It is June and, when I am home, I leave the front doors, living room, hall, and entry all wide open. My springtime expectation of birds flying into the house, confused by plentiful natural light within, has not been much realized this year, although the season is new.
A nest was begun in a corner of the entry, and while I do hear startlingly loud tweeting there is never any activity when I walk out to investigate. Instead, I watch the red-wings and mourning doves and robins, none of them entry nesters, perched, in some sort of rotation, on the posts of the clotheslines in the back yard.
It has been cool and gray, discouraging weather for field trips and early vacations but it is June, and gray and even cool is not without precedent. The sun returned late this morning, casting the first soft-edged shadows of the day, a cause for guarded celebration.
The weather turned and was quickly — to me — near perfect, the warmth of the sun falling though cool air, the sky blue, the rediscovered horizon a sharp line, and the flowers of late spring glorious, nourished by the rains, protected by the fog, shimmering in the golden light. The smell of banks of seaweed washed up on the beach, baking, was no more than another sign of a cleared sky.
Grasses along the roadsides are dotted with yellow flowers, and hazy with seed, but green, still, and seeing the mowers moving down the Neck is bittersweet. The shoulders of Mansion Road will be shorn soon enough, the travelled way dusty, again, as it was before this last round of wet, and it will be busy with beach goers. Now, though, before the traffic mandates the shoulders be cut, before the grasses have had a chance to turn to hay in place, the tall cover offers a sort of comforting buffer, an old-fashioned country way.
There is a weigela beside the Mansion Road, planted, I presume, to mark the turn into an out-of-sight house. It is a shrub that looks deader-than-dead well into the spring. At the start of April its bare gray branches were reminiscent of a remnant of a once great forest destroyed by pestilence or flood or some other Biblical plague, a sad trace of a past glory. It provided no promise of the arching pink flowers that came into full bloom and are already dropping petals, leaving a rosy spray on hard earth at its feet in early June. By afternoon, this first day of full sun, it seemed to beam with happiness.
These woody shrubs were originally Asian, I read, and am quickly sidetracked to thoughts of the wild beach roses that are blanketing the dunes along the road, flowers that will bloom all summer but never match the intensity of this first, fullest round. One story has it they all can be traced to seeds spilled from one ship wrecked off Cape Cod, making this staple of our natural world seem an accident but for the fact the vessel — if the tale is true — was surely bound for the same land off which it broke into pieces.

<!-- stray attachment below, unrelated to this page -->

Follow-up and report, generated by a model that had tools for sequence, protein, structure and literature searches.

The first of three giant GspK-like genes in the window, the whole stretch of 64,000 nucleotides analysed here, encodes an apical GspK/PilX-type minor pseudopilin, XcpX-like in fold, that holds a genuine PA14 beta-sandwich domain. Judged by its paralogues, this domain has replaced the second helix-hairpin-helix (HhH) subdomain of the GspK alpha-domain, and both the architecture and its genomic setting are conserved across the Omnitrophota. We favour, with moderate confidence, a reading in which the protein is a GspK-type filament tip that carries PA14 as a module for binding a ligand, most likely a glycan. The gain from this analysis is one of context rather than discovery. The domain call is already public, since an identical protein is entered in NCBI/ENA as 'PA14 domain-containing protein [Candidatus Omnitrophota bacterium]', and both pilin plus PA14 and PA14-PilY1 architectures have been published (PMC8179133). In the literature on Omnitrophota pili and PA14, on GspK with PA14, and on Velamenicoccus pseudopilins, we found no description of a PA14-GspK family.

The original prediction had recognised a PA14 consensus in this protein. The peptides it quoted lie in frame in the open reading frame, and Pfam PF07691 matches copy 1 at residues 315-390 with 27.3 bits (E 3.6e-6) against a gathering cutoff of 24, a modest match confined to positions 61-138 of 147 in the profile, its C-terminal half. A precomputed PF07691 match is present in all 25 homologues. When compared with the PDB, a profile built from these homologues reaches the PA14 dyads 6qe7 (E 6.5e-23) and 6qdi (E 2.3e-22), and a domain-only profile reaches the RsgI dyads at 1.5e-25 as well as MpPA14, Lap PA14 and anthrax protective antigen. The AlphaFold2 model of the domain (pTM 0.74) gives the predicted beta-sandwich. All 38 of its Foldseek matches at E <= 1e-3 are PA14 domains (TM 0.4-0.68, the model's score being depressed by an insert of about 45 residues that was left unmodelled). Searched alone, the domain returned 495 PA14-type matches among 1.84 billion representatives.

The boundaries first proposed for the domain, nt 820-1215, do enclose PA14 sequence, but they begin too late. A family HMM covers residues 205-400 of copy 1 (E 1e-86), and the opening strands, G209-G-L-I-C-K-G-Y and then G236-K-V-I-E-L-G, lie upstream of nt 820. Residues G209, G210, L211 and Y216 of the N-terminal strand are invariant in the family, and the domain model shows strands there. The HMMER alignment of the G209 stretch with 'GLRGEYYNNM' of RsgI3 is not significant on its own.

Every year the roses seem more profuse, a notion I dismiss as one of those tricks of memory before I realize the dunes grow almost every year, even when little effort is expended upon them. The first turn down Corn Neck, where there is a beach access post which seems completely contrary to every message we try, as a community, to impart to each other, to the next generation, to all visitors. It directs walkers to trek up over the dunes, not to walk the yards up the road to the wide gap opened every spring for beach access.
Time ago, there was a path between very low banks of sand, one that gradually, slowly, filled, but I still saw, in the way of any good Rhode Islander, what had been; only last year I found myself stopping, backing up on a no traffic day, and wondering how I had passed the sign so often without thinking about the message, or realizing how high those dunes had grown.
The monument that had to be excavated every year before it was moved across the street to the Solviken site, had been installed on flat ground, a photograph attests. Perhaps most striking, east of Corn Neck Road, across from the end of Beach Avenue, rose-covered dunes rise, climbing almost from the edge of the pavement, fighting the cars that are parked there the year round. There is no hint that the ground was open, nearly flat for years, after the old Bathing Beach was removed from the site in the 1950s.
None of that is meant to be misunderstood as an argument against dune protection; the facts are offered only as support of the validity of my “more roses” impression.
It is the time of iris as well, of the tall, grand, cultivated flowers that elicit gasps of delight but also of the smaller, wild “flags” that are close to translucent in the full afternoon sun. They grow, as they have my whole life, in the shallow water of the tiny vernal pond by my gate, and in the low land nearby, but they seem more prominent, more glowingly bright, in a trough on the east side of the Neck Road. They may be no brighter, no more cleared of grass, my impression may be a reaction to bright flowers after days of gray fog; they are stunning.
The sky is clear when the moon rises, almost two hours before sunset. The temperature is dropping as the sun lowers in the northwest; when I put my hand out to absently pat the dog, just come in those open doors, I am as startled by her cool head as I was a few hours ago by the sunny warmth she carried with her.
The sun was lovely but I welcome the cool night air.